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This is now a global war, and our actions show that we intend to fight it head on

Simon Harris


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Danger: The presence of Covid-19 will be felt across the country for months to come. Photo: Reuters

Danger: The presence of Covid-19 will be felt across the country for months to come. Photo: Reuters

REUTERS

Danger: The presence of Covid-19 will be felt across the country for months to come. Photo: Reuters

Solidarity and community spirit are hallmarks of the Irish character and we need them now more than ever.

I am very aware that the protective measures we took yesterday came as a shock to many of you and I know they will lead to disruption, change and unfamiliar behaviour.

I am conscious that there are people this morning who will be grappling with rearranging their routines, others facing difficult decisions and many who have spent hours worrying for themselves and their loved ones.

I have always made it clear that we will take the right measures at the right time and for the right length of time.

Now is that time.

On Wednesday, the National Public Health Emergency Team sat for over four hours and late into the night, reviewing the latest expert advice and the pattern of cases occurring in Ireland.

The decisions they recommended to us in the early hours of yesterday morning were not taken lightly. We accepted the expert advice and worked overnight to turn those decisions into actions.

We have always said measures like this might become necessary. The world is fighting a war against Covid-19 and we must fight it head-on. The protective measures we are implementing give Ireland our best chance in winning this battle. The measures will be in place until March 29 and will be kept under constant review.

This will be a challenging period of time for us all but one we can get through if we work together and do everything we can to protect the older and more vulnerable members of our communities. For these groups, we are advising that they limit contacts outside their own homes as much as possible. I don't want any older person to fear isolation or loneliness.

We are working hard to ensure you will not be alone. We will tap into the many community organisations across this country to ensure you are cared for and we will provide more health services at home. But we also need families, friends and neighbours to be conscious and caring of the groups who will need to spend most time at home, and to provide as much support as possible.

We are asking everyone to reduce their contacts as much as possible. We need you to avoid crowded places and try to keep a distance of two metres between you and others, while not shaking hands and washing them frequently.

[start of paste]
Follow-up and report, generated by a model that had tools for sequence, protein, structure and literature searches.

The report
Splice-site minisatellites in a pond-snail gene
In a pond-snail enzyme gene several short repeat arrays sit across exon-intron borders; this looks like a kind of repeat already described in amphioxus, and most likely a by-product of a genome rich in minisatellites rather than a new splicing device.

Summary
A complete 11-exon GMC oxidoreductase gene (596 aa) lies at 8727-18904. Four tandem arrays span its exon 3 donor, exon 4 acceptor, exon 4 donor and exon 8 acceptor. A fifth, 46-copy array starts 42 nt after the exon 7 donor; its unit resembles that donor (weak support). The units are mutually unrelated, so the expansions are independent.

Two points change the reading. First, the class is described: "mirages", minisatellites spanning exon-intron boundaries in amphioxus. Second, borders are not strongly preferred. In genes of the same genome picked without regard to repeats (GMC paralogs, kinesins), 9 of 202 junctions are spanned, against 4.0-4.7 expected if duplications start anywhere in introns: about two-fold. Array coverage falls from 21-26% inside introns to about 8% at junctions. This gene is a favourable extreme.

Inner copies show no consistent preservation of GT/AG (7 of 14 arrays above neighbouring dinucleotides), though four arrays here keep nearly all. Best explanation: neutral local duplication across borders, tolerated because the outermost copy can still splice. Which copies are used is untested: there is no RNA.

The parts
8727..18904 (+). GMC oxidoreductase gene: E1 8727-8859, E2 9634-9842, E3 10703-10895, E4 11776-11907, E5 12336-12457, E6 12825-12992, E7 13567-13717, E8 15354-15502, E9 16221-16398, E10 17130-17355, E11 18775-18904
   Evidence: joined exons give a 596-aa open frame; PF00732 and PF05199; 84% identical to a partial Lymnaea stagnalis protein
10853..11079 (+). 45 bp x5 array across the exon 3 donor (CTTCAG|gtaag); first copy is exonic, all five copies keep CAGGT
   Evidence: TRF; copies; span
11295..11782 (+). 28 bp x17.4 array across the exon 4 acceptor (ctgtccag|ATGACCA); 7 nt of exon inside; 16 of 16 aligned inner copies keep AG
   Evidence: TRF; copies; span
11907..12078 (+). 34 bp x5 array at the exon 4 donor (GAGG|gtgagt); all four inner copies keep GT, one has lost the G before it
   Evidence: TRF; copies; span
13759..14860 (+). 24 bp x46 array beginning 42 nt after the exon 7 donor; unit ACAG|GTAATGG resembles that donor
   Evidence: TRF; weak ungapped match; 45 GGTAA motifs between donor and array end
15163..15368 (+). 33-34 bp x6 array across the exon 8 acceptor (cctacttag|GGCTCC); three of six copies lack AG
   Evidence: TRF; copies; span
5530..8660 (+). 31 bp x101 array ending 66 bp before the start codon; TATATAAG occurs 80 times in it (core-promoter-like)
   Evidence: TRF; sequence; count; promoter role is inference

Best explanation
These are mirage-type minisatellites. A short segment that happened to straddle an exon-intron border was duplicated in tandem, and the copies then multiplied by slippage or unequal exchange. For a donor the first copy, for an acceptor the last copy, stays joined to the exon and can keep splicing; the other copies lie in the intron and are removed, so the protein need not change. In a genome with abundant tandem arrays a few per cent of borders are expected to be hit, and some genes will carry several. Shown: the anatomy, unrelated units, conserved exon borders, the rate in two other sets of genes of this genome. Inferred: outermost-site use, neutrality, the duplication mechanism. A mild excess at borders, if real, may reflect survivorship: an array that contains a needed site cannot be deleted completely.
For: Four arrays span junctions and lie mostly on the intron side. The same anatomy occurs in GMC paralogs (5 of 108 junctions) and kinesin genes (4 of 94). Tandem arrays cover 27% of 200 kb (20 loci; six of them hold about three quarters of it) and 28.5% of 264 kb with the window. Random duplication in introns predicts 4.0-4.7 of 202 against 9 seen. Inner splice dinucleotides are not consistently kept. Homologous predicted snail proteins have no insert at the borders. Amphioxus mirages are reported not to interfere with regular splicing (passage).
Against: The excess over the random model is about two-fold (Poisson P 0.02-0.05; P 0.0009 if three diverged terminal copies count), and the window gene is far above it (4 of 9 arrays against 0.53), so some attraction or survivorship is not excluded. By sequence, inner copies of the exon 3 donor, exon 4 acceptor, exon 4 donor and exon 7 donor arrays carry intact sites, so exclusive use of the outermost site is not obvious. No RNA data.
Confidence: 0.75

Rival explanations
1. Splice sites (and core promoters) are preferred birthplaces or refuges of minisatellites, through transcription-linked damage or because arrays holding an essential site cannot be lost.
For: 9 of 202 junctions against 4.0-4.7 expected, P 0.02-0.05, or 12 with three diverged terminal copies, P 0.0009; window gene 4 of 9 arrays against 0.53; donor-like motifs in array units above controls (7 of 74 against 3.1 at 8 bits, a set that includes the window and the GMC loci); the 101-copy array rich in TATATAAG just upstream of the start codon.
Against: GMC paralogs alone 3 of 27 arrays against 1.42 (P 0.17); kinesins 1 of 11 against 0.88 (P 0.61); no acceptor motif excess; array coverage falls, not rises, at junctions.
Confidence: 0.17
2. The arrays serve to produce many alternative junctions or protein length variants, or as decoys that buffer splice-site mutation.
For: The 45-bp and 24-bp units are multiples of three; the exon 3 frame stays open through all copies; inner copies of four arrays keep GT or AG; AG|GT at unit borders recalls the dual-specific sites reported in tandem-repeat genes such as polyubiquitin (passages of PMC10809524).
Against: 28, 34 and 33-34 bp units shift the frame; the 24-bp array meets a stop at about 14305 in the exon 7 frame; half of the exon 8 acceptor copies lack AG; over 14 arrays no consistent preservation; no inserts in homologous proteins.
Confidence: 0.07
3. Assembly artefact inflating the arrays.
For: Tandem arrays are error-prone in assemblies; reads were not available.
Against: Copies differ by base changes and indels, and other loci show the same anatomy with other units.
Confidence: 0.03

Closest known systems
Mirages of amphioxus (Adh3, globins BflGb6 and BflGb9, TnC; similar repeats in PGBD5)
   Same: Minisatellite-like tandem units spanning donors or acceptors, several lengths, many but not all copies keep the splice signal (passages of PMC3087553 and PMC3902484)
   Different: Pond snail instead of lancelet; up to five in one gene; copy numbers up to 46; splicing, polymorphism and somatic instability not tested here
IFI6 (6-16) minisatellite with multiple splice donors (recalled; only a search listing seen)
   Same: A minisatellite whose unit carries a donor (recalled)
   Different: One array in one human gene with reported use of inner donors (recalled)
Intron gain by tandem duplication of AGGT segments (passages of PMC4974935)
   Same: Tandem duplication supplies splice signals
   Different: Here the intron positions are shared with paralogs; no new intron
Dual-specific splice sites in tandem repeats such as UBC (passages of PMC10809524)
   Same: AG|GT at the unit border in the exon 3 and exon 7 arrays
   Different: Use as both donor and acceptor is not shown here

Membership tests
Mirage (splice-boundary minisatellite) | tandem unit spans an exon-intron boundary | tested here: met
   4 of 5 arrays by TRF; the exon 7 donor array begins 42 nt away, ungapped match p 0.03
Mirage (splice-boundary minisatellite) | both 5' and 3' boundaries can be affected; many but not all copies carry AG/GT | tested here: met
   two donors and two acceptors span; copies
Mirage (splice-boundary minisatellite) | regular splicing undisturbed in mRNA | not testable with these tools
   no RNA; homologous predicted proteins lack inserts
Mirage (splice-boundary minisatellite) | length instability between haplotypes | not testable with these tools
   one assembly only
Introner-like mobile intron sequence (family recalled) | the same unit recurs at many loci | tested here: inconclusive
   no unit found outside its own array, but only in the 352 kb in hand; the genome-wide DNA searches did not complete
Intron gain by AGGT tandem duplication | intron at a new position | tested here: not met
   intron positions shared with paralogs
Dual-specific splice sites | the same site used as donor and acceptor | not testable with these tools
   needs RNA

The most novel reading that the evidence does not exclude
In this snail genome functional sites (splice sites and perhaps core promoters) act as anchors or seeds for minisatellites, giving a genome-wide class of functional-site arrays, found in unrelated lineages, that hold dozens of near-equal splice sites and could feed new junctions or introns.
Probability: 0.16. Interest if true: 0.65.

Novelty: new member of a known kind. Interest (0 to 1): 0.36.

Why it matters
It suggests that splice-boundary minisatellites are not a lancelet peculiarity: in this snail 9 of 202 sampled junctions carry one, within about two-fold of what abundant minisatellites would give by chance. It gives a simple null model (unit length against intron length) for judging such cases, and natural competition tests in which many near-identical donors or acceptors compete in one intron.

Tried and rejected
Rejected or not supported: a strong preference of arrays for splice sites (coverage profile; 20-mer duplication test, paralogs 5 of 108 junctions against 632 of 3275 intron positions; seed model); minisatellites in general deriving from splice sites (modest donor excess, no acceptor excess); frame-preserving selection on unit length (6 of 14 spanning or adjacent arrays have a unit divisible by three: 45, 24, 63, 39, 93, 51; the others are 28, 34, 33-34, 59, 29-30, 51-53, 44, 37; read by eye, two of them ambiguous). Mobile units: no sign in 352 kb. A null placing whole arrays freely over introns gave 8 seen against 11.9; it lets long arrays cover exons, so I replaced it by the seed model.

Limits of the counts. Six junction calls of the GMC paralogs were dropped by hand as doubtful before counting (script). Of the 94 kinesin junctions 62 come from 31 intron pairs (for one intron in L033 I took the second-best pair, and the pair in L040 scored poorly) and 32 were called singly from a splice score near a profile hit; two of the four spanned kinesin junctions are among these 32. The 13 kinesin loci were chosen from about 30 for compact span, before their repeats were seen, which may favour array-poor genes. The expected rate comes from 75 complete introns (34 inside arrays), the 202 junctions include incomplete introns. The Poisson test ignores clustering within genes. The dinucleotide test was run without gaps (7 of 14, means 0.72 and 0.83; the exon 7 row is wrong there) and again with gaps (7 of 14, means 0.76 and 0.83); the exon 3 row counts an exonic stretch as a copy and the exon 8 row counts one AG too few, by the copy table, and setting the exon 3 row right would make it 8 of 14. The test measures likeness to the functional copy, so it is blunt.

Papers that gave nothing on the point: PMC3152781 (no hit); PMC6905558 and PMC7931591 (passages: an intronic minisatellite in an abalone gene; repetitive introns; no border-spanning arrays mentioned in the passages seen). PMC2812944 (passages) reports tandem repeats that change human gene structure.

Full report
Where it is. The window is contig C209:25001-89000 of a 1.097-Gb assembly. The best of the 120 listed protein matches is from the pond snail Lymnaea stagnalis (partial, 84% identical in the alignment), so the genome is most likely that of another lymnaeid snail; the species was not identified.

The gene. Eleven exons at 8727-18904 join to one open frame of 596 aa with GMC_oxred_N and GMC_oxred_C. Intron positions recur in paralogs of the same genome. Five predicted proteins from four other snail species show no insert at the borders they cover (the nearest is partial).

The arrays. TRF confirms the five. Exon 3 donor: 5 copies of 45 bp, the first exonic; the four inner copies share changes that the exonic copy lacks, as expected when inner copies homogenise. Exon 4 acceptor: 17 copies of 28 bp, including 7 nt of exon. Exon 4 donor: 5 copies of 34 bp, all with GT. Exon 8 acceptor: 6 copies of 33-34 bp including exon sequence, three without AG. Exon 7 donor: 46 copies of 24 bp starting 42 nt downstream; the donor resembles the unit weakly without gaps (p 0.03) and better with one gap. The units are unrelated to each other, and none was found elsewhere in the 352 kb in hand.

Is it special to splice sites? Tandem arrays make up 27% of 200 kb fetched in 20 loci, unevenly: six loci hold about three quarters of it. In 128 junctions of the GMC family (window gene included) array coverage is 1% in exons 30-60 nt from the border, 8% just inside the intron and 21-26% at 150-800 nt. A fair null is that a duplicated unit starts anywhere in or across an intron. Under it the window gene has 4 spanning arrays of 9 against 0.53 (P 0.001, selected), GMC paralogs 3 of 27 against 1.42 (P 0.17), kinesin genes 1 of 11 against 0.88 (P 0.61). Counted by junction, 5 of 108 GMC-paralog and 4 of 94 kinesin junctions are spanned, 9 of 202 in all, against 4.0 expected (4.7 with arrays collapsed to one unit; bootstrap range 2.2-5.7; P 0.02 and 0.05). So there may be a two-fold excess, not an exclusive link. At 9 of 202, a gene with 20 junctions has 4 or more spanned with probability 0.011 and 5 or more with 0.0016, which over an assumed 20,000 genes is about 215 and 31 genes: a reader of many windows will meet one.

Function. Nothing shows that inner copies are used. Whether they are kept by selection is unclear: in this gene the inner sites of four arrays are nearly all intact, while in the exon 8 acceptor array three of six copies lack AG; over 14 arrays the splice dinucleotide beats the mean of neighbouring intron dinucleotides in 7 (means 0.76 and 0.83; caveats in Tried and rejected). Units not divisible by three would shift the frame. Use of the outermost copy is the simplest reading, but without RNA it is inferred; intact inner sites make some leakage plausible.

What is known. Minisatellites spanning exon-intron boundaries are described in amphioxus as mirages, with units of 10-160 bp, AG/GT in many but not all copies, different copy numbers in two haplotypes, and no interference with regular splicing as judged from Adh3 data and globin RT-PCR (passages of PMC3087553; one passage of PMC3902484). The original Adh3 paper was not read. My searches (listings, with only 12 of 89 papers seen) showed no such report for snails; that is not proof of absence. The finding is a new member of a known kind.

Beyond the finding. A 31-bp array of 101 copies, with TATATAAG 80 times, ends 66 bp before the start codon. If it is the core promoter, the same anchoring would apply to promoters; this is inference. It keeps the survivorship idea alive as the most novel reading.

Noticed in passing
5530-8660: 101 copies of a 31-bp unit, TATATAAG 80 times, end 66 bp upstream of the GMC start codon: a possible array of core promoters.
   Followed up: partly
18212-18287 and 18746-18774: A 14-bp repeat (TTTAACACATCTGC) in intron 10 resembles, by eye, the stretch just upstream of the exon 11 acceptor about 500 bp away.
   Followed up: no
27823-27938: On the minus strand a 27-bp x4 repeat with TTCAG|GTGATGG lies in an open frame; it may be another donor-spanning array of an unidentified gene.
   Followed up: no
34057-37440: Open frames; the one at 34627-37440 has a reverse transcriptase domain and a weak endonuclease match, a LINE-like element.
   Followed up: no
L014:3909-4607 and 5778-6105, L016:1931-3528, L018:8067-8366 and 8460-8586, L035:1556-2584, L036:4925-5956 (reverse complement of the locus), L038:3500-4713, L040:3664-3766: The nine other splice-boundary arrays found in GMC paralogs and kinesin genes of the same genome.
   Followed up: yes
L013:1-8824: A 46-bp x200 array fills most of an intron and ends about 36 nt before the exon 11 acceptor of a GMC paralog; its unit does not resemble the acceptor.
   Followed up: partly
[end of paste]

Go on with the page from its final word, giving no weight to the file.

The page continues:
While children typically cope well with the virus, our experts have advised it is sensible to close schools, crèches and childcare facilities. Their concern is that many of our children could pick up the infection which they could pass on to their granny or granddad. It is also true that all parents will want to try to protect their children from contracting the virus, even if it may usually be mild for them.

We are asking a lot of parents therefore not only to make alternative arrangements to school and crèche but also to ensure their children limit contacts in the same way as everyone else.

While it will not be easy, we know we will see leadership from our schools and third-level institutions as they manage this period of closure.

Employers too, whether in the private or public sector, will have to be creative in facilitating these measures and the Government will provide all the guidance and support we can. I know self-employed people too and other businesses, particularly in the hospitality sector, are in for a difficult period and the Government will continue to meet regularly with stakeholders to try to help as much as we can.

The measures we are taking are intended to help reduce pressure on our health service but we know this will not be enough. We are also working hard to increase capacity, providing additional resources and putting in place a new package of supports for family doctors.

Our health service staff deserve our unwavering support. Covid-19 has imposed itself on our lives and the truth is its presence will be felt across the country over the next few weeks and months.

But fewer of us will feel it more than those on the frontline - our GPs, nurses, doctors, porters, our support staff, paramedics. We must ensure we resource them and protect their health and their mental health.

I very much understand that for many people yesterday's announcement was very concerning and worrying but we have to remain calm as well as vigilant.

Businesses are working hard to ensure there will be no interruption to the supply chain and there is no reason to overrun supermarkets or pharmacies or to stockpile. We should be able to ensure we have what we need, but not more than we need, because that will only deprive others and unnecessarily disrupt the supply chain.

The truth is the decisions we are taking now are necessary but this will still get worse before it gets better. Many of us will become ill and, sadly, some of us will lose loved ones. But we can all play a part to reduce the risk to ourselves and our communities and I know Irish people will step up. Ireland has come through many challenges in our history and we will come through this one too. It will be difficult for a period of time but we will bounce back. The economy will suffer but it will recover.

The greatness of a community is most accurately judged by the actions of its members. Working together and caring for one another will be our greatest strength and our only chance of success.

Simon Harris is Health Minister

Irish Independent